For example, one of the clients I worked with is the board meeting software.
Only a small subset of people directly search for keywords like “board meeting software”.
However, many people search for keywords like “how to improve board meetings” or “how to share board meeting minutes” – all questions that the software in question can solve.
Use tools like Google Keyword PlannerAnd the I answer the audienceAnd the also asked To identify the questions people ask and use your ads to show how your products or services provide solutions.
Additionally, monitor your search terms reports to determine which keywords you can pull into ad groups with more personalized ad copy.
Don’t forget about the landing page
Landing pages are crucial to any venue and any campaign, but there are several considerations you need to keep in mind for B2B campaigns in particular.
Ideally, you’d use ad copy to prevent the wrong people from clicking, but you should continue this theme with your landing page copy.
Use your copy to hint at suitable business sizes, job roles, and potential budgets for your ideal clients.
Additionally, form preparation can be critical to strike a balance between qualifying the right people and not unnecessarily preventing contacts from submitting the form.
Include enough form fields to ensure that people are serious enough to give you their contact information while also allowing you to scan company details without asking for unnecessary information.
For example, the job title and company name are probably a reasonable question, but do you really need to specify the city and state to download a white paper?
Asking for a phone number for a top funnel offer can also be a turn-off, as many people don’t like receiving a phone call out of the blue when they are simply in an early research phase.
In addition, include signs of trust with slogans and quotes from other companies that have used yours.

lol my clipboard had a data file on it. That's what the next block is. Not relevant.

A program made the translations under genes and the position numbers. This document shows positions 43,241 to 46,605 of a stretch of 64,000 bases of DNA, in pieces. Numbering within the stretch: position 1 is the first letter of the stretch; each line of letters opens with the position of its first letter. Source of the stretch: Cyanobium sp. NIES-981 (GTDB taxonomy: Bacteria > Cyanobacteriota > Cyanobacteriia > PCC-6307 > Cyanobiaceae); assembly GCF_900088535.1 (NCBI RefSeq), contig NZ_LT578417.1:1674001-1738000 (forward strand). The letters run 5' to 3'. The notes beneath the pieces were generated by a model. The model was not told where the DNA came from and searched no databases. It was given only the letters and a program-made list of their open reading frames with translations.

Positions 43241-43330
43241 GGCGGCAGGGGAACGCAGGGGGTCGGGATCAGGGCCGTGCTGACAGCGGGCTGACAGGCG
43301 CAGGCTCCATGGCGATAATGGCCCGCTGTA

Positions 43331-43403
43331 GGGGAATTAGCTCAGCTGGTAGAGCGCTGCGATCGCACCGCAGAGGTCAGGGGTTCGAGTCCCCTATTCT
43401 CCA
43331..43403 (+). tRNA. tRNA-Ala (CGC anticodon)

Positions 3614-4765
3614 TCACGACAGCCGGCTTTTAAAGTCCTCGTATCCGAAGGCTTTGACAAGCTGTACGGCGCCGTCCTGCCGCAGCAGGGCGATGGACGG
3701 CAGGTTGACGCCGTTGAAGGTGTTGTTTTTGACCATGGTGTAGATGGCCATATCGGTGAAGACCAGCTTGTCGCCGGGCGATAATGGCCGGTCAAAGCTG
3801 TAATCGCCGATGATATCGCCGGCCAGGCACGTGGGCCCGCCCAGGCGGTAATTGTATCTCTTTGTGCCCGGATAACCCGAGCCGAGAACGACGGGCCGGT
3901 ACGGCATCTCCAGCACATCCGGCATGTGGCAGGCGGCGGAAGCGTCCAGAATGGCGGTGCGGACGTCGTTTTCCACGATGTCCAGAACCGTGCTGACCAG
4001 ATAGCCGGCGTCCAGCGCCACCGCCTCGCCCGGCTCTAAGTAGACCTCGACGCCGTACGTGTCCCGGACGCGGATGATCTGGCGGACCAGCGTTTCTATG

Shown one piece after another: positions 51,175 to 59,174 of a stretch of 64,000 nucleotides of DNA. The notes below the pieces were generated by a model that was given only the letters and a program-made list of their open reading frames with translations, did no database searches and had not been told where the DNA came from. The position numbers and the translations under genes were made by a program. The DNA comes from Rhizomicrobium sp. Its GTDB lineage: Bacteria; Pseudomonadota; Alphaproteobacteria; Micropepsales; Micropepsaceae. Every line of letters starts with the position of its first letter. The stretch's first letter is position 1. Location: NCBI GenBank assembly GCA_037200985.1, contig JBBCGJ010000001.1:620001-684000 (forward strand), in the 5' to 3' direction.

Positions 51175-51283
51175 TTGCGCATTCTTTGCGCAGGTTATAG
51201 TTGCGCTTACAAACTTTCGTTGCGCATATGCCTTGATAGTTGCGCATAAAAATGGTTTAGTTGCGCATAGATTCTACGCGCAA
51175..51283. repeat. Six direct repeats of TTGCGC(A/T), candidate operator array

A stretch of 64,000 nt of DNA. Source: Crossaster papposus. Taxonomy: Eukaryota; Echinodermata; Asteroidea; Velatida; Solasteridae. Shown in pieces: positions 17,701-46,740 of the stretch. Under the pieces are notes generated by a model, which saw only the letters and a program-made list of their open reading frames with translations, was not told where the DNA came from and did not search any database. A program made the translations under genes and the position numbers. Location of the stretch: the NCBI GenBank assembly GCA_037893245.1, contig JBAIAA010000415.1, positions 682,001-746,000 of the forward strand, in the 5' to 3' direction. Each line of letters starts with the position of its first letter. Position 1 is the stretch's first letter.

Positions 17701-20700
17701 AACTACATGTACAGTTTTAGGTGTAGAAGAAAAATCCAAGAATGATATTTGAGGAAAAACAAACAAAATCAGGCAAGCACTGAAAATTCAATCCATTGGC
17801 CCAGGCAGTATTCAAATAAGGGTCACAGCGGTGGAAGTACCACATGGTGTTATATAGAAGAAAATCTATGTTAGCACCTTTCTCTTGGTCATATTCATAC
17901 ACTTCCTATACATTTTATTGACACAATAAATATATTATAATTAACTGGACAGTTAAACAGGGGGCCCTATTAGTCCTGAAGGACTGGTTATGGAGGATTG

B2B buyers want to see that similar companies trust your services.
Improve the correct conversion procedures
As advertising platforms push advertisers towards using automatic bidding in campaigns, it becomes more important than ever to have accurate conversion data on the platforms.
Additionally, keep in mind that you are optimizing about conversion actions that correlate better with getting qualified leads.
For higher conversion funnels campaigns, you may choose conversion actions such as asset downloads or webinar sign-ups to optimize for higher volume orders.
However, for low funnel campaigns, you may be more focused on trial orders, trial signups, and sales inquiries, and you should define them as campaign conversion actions.
In addition, sending offline conversion data through a Salesforce integration or importing offline conversion can provide additional signals to improve your qualified leads.
Finally, attaching values to specific conversions (even if they’re only approximate value indicators based on your data) and optimizing conversion value can help Google differentiate between a low-yielding, higher-yielding conversion versus a low-yielding, high-yielding conversion.
Put your B2B PPC to the test!
If you’re skeptical about paid search for B2B, or if you’ve been struggling with making campaigns work for your company, maybe it’s time for another attempt at optimization to succeed.
Think about actual customer problems to consider keywords and ad text crafting, include audience layers to focus on the right prospects, keep your landing page focused on the right persona, and ensure the right conversion tracking is set up.